Fort, Charles (Hoy) (1874–1932)
American journalist, writer, and explorer of scientific anomalies.
He was the archenemy of dogmatic science. Fort was
born on August 9, 1874, in Albany, New York. As a boy he wanted
to be a naturalist. Instead he became a journalist at age 17.
Two years later he decided to see the world and spent two years
traveling, from New York to New Orleans, Nova Scotia, England,
Scotland, Wales, and South Africa. His vast store of travel
impressions over 30,000 miles laid the foundation for his
later preoccupation with accumulating and analyzing data.
Back in New York he married an English woman named
Anna Filing on October 26, 1896. They lived in poverty while
Fort took various nondescript jobs and worked on his writing.
He sold feature stories to the New York press, then began to
write humorous short stories. He also started a number of
large-scale novels, only one of which was ever published, The
Outcast Manufacturers (1909). He read widely, took thousands
of notes on a myriad of subjects that he discovered in encyclopedias
and scientific materials while frequenting the New York
Public Library, trying to hammer out a personal philosophy.
He decided that science consisted of believers and cranks, and
out of his skepticism he said whimsically that he would be a
In 1916 Fort inherited a share of his grandfather’s estate,
and the following year, after his brother’s death, he inherited
that share. Freed from the financial problems that had dominated
his adult life, he was able to devote his time to what had
become a growing obsession to explain the unexplained. He
had collected many notes on odd phenomena that had been reported
but remained outside the explanation of science as it existed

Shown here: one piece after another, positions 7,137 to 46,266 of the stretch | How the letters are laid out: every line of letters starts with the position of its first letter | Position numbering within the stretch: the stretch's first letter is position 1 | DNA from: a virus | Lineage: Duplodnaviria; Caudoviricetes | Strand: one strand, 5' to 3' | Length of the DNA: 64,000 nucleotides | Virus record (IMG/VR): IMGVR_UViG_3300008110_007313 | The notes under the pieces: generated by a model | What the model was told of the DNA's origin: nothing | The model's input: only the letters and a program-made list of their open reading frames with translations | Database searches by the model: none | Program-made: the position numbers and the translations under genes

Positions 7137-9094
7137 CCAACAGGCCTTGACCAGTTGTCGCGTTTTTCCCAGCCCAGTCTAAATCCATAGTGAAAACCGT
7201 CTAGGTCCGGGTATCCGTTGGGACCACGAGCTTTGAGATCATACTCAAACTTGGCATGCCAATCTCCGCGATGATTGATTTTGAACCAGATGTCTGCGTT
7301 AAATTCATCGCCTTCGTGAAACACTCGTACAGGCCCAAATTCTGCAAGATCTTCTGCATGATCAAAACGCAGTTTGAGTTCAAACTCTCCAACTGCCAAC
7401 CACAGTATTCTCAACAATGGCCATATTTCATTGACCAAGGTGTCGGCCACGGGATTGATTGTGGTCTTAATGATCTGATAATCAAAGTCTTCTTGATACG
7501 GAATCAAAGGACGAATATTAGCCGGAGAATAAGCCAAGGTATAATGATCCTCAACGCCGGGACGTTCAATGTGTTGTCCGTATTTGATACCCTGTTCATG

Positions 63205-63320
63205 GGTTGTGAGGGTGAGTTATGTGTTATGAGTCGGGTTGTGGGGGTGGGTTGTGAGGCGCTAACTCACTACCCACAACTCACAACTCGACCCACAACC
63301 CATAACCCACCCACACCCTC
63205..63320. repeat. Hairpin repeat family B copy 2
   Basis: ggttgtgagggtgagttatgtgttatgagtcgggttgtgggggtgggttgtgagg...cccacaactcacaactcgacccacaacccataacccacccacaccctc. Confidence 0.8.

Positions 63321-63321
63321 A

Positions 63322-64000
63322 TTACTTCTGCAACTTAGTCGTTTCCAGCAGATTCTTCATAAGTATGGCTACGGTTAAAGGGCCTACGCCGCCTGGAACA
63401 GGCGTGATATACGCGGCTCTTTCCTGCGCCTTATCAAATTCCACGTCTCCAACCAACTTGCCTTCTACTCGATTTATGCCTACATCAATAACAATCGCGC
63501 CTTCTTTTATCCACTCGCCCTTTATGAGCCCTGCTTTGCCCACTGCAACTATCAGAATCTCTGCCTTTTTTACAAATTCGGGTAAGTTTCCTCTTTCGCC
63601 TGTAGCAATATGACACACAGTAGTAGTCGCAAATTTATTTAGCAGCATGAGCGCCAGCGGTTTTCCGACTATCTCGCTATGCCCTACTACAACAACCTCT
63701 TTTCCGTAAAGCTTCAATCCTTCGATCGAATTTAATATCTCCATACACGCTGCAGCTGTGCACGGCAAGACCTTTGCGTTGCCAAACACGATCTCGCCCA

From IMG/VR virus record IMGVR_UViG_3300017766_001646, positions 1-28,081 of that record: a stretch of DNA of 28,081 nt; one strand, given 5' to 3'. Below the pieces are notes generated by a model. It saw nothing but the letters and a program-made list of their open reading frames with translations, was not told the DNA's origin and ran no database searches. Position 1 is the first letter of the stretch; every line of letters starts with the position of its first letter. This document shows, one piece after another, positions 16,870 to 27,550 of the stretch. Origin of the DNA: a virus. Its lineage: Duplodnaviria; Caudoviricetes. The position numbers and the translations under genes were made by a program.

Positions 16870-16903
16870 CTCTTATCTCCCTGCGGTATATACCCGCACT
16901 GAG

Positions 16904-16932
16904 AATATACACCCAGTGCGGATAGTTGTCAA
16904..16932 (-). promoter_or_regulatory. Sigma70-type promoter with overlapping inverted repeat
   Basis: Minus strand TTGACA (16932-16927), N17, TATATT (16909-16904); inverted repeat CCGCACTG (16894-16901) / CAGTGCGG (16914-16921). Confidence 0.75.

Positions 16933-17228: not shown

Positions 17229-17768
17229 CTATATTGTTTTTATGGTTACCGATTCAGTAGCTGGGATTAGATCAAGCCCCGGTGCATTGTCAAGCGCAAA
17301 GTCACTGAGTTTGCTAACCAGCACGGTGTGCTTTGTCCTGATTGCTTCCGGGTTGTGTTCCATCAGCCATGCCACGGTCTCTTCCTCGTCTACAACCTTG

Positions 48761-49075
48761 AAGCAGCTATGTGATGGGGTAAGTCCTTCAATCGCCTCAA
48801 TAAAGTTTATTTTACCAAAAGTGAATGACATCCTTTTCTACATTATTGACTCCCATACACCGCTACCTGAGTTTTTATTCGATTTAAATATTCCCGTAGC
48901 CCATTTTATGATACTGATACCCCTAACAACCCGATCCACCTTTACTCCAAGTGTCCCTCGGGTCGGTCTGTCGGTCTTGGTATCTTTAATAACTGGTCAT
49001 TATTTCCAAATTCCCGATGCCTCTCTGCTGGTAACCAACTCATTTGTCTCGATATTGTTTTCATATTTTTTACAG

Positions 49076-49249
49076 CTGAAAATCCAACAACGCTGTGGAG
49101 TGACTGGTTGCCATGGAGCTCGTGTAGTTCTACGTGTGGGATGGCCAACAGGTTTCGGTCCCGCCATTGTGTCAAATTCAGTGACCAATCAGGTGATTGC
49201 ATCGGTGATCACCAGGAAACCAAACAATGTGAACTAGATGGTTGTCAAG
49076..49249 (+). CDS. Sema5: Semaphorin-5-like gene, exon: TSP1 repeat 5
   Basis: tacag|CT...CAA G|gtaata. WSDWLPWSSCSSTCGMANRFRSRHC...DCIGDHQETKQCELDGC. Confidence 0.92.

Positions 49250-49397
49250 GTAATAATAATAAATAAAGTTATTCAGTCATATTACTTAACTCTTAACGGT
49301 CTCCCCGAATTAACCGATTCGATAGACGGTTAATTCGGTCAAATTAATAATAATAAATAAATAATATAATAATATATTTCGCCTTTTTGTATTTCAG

in his day, such as flying saucers and spontaneous human
combustion. With the help of his friend novelist Theodore
Dreiser, Fort was able to publish the result of his early research
called, The Book of the Damned (1919). The ‘‘damned’’ were the
data rejected or explained away by mainstream science. He relentlessly
chronicled strange falls from the sky, mysterious disappearances
and reappearances, strange synchronicities, enigmatic
artifacts, and astronomical ambiguities.
When the book was first published in 1919 it attracted favorable
comments from Booth Tarkington, John Cooper Powys,
Ben Hecht, and other notable persons. It was followed by New
Lands (1923), Lo! (1931), and Wild Talents (1932). By the time
the last book was published Fort’s health was failing. He died
on May 3, 1932. His wife died five years later.
Shortly before Fort’s death Tiffany Thayer organized the
Fortean Society to promote the study of his books and continue
the work of gathering ‘‘Fortean data.’’ Thayer urged the
one-volume reprinting of Fort’s books a decade later and wrote
the introduction to The Books of Charles Fort (1941). After
Thayer’s death in 1959 the society essentially ceased to exist,
but a new group, the International Fortean Organization, was
founded in 1965.
Charles Fort was the first individual to gather and make a
systematic study of many unusual physical phenomena. He
studied UFOs long before the modern UFO era, which began
in 1947. He called attention to many unusual phenomena and
the extent of their occurrence. Among many topics now studied
as ‘‘Fortean phenomena’’ are falls of frogs, stones, blood, or ice
from the sky, mysterious fires, stigmata, invisible assassins,
UFOs, poltergeists, ancient technologies, levitation, teleportation,
monsters, fireballs, meteors, and ancient artifacts. Until
Fort began to write, no one realized how many strange events
were occurring and how weak ‘‘scientific’’ explanations of them
were. In the years since, many of the mysteries he addressed
have been examined and brought into the body of scientific
knowledge. Many remain unexplained, however, and new ones
are continually being added to the list.
Fort, Charles. The Complete Books of Charles Fort. New York
Henry Holt, 1941. Reprint, New York Dover, 1974.
———. The Outcast Manufacturers. B. W. Dodge, 1909.
Gross, Loren E. Charles Fort, the Fortean Society, and Unidentified
Flying Objects. Fremont, Calif. The Author, 1976.
Knight, Damon. Charles Fort, Prophet of the Unexplained. Garden
City, N.Y. Doubleday, 1970.